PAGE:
The pre atomic locking methods work on a CPU supporting atomic just not at ideal efficiency but the atomic methods on a cpu that does not support atomic is problem child.

                It really simple to miss the way windows NT design at core is not 100% modern locking because windows NT 3.1 supported platforms that did not support modern locking methods. Horrible part here is atomic methods cannot be used to emulate all these pre atomic methods without massive overhead. This is just the way it is.
                I'm not going to spend a lot of time on this. A quick search found this:

                https://web.itu.edu.tr/kesgin/mul06/...nstr/lock.html
                The 286 always asserts lock during an XCHG with memory operands.
                This means that XCHG is an atomic instruction.

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                • #48
                  Originally posted by indepe View Post

                  I'm not going to spend a lot of time on this. A quick search found this:

                  https://web.itu.edu.tr/kesgin/mul06/...nstr/lock.html


                  This means that XCHG is an atomic instruction.
                  No its not atomic on the 286. Multi threads on a 286 using XCHG like that could explode in your face. The out of order protection is added in 386+ read the page you quoted a little closer there is a 386+ note there for a reason.

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                  • #49
                    Originally posted by oiaohm View Post

                    No its not atomic on the 286. Multi threads on a 286 using XCHG like that could explode in your face. The out of order protection is added in 386+ read the page you quoted a little closer there is a 386+ note there for a reason.
                    It says that XCHG always takes a lock, which means even without a prefix. The 386 note is regarding the prefix.

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                    • #50
                      Originally posted by indepe View Post
                      Those are problems with using eventfd, which doesn't have anything to do with what I am talking about: using futex.
                      No, futex solves ONLY the wait-multiple problem compared to esync, but nothing else listed.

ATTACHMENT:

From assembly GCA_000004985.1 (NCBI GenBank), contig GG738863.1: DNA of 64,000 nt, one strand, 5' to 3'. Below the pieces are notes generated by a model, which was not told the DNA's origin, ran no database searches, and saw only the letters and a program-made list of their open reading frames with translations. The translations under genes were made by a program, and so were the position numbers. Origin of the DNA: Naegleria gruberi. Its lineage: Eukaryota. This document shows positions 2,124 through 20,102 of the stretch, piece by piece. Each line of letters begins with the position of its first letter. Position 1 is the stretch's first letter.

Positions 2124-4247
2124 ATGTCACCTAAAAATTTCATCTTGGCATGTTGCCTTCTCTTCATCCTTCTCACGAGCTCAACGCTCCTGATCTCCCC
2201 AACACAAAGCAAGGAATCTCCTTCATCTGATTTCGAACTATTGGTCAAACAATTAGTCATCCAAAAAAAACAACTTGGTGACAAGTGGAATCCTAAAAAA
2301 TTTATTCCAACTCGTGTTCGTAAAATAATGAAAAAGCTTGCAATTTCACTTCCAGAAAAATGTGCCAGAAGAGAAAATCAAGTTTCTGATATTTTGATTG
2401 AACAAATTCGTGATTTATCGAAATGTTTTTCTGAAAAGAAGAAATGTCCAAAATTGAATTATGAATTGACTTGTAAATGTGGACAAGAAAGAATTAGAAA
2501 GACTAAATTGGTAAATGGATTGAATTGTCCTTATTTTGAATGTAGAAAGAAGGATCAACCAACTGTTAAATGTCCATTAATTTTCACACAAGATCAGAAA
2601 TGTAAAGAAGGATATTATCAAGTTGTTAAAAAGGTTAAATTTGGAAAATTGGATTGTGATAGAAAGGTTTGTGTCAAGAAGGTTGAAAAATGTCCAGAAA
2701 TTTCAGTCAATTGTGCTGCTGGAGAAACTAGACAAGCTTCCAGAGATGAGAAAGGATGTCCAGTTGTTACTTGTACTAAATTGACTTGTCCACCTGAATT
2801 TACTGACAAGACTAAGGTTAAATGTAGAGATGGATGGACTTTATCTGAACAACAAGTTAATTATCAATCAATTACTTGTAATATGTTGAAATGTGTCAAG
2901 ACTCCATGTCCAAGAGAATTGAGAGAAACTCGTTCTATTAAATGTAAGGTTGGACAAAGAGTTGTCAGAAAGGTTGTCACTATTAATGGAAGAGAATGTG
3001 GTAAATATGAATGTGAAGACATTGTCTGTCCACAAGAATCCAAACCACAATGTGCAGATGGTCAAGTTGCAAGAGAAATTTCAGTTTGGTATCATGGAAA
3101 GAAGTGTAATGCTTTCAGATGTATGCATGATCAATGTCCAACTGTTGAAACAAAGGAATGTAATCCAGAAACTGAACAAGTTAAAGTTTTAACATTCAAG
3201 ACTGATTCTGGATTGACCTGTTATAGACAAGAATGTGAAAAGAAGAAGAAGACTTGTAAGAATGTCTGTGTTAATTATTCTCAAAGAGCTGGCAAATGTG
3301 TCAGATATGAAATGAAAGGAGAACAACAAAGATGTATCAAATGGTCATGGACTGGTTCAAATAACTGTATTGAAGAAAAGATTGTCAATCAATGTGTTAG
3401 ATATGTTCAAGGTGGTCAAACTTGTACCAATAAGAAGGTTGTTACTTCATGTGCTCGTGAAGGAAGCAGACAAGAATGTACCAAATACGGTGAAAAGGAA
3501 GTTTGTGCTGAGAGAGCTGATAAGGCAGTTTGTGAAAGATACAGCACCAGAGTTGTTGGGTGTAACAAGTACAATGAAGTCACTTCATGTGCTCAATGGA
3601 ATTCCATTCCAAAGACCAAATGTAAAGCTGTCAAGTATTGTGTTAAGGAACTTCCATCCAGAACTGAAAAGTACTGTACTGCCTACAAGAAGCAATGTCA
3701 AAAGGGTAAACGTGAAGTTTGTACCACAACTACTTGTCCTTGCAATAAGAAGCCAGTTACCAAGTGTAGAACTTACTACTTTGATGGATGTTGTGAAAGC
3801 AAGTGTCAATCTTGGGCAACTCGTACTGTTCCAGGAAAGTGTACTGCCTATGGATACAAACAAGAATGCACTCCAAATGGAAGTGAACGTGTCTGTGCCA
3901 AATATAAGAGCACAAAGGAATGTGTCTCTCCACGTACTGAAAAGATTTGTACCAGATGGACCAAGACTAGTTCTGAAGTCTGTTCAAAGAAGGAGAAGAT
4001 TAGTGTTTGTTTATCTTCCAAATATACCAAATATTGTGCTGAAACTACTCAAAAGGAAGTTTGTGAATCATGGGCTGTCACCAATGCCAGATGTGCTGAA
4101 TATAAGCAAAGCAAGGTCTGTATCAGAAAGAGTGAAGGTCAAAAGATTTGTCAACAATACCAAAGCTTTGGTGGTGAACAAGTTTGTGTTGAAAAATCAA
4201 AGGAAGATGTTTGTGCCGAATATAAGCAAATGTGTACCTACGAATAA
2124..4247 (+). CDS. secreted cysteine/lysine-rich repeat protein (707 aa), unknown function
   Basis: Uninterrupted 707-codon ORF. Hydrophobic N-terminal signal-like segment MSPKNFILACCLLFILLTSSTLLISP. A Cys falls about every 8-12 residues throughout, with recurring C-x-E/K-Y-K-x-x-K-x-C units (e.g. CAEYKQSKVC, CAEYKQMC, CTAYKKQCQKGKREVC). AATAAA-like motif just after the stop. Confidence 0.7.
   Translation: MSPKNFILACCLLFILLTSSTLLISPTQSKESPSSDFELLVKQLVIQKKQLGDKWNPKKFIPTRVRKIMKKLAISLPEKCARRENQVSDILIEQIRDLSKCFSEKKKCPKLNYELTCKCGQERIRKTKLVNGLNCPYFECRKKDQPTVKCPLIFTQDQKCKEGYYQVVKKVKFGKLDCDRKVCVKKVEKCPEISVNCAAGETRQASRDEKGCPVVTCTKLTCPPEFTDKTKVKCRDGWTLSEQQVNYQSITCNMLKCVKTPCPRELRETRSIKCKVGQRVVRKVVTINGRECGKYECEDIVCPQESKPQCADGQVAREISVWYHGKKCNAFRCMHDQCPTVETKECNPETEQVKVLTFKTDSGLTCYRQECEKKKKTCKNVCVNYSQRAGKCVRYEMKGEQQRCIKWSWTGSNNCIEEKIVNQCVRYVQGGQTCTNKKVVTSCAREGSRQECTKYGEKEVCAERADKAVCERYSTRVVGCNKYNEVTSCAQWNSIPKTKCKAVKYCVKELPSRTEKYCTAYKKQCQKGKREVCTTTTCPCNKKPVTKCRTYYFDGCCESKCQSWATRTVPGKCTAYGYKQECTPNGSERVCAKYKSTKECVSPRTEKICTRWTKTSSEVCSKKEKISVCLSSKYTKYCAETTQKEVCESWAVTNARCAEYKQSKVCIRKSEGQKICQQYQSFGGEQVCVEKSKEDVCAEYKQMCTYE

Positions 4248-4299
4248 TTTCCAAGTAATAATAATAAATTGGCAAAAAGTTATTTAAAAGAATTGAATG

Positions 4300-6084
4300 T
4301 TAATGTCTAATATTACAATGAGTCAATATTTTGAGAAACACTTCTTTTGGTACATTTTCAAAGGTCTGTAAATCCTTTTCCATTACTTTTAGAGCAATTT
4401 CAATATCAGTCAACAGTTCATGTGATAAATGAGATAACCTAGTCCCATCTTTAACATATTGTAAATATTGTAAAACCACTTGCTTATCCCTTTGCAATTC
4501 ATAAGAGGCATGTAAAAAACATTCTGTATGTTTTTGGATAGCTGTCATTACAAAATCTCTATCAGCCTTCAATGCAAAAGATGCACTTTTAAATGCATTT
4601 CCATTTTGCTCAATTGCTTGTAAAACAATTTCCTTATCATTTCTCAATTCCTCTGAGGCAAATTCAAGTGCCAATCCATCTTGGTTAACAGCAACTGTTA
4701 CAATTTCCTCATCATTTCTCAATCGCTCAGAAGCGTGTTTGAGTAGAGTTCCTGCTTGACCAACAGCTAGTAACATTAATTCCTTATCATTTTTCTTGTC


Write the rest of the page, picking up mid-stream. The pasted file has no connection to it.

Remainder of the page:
Originally posted by indepe View Post
                      You are using my own words without any indication that you understand them. In this case, even contention will usually just be a few spins and not require a syscall, and would unlikely be any better if it were done inside the kernel. (However you need to be careful to limit spinning to an upper limit when outside the kernel. Which is a detail that probably doesn't make much sense to you, and isn't very relevant to this discussion.)

                      EDIT: And this is nothing in comparison to needing a syscall even when there is no contention.
                      "usually" doesn't mean "always". If you don't understand the problem that contention is the reason for the performance loss then feel free to live in your imaginary world.

                      Some games work well with esync or fsync, but not every game. Let's say 99% of games work well. That's your "usually". But we don't care about those games in this thread; this isn't about them. We care about the other 1%. The games that use too many threads and have too much contention don't. And that's the whole point of this thing. Going from 100 fps to 80 fps for example.

                      We're not talking about the "average" here. We're talking about this specific situation where certain games suffer from it, due to whatever design they have. Call it wrong, call it buggy, I don't care. The games are built that way and there's nothing you or Wine can do about it, other than emulate Windows better (since they run better on Windows), which is one atomic syscall for these operations.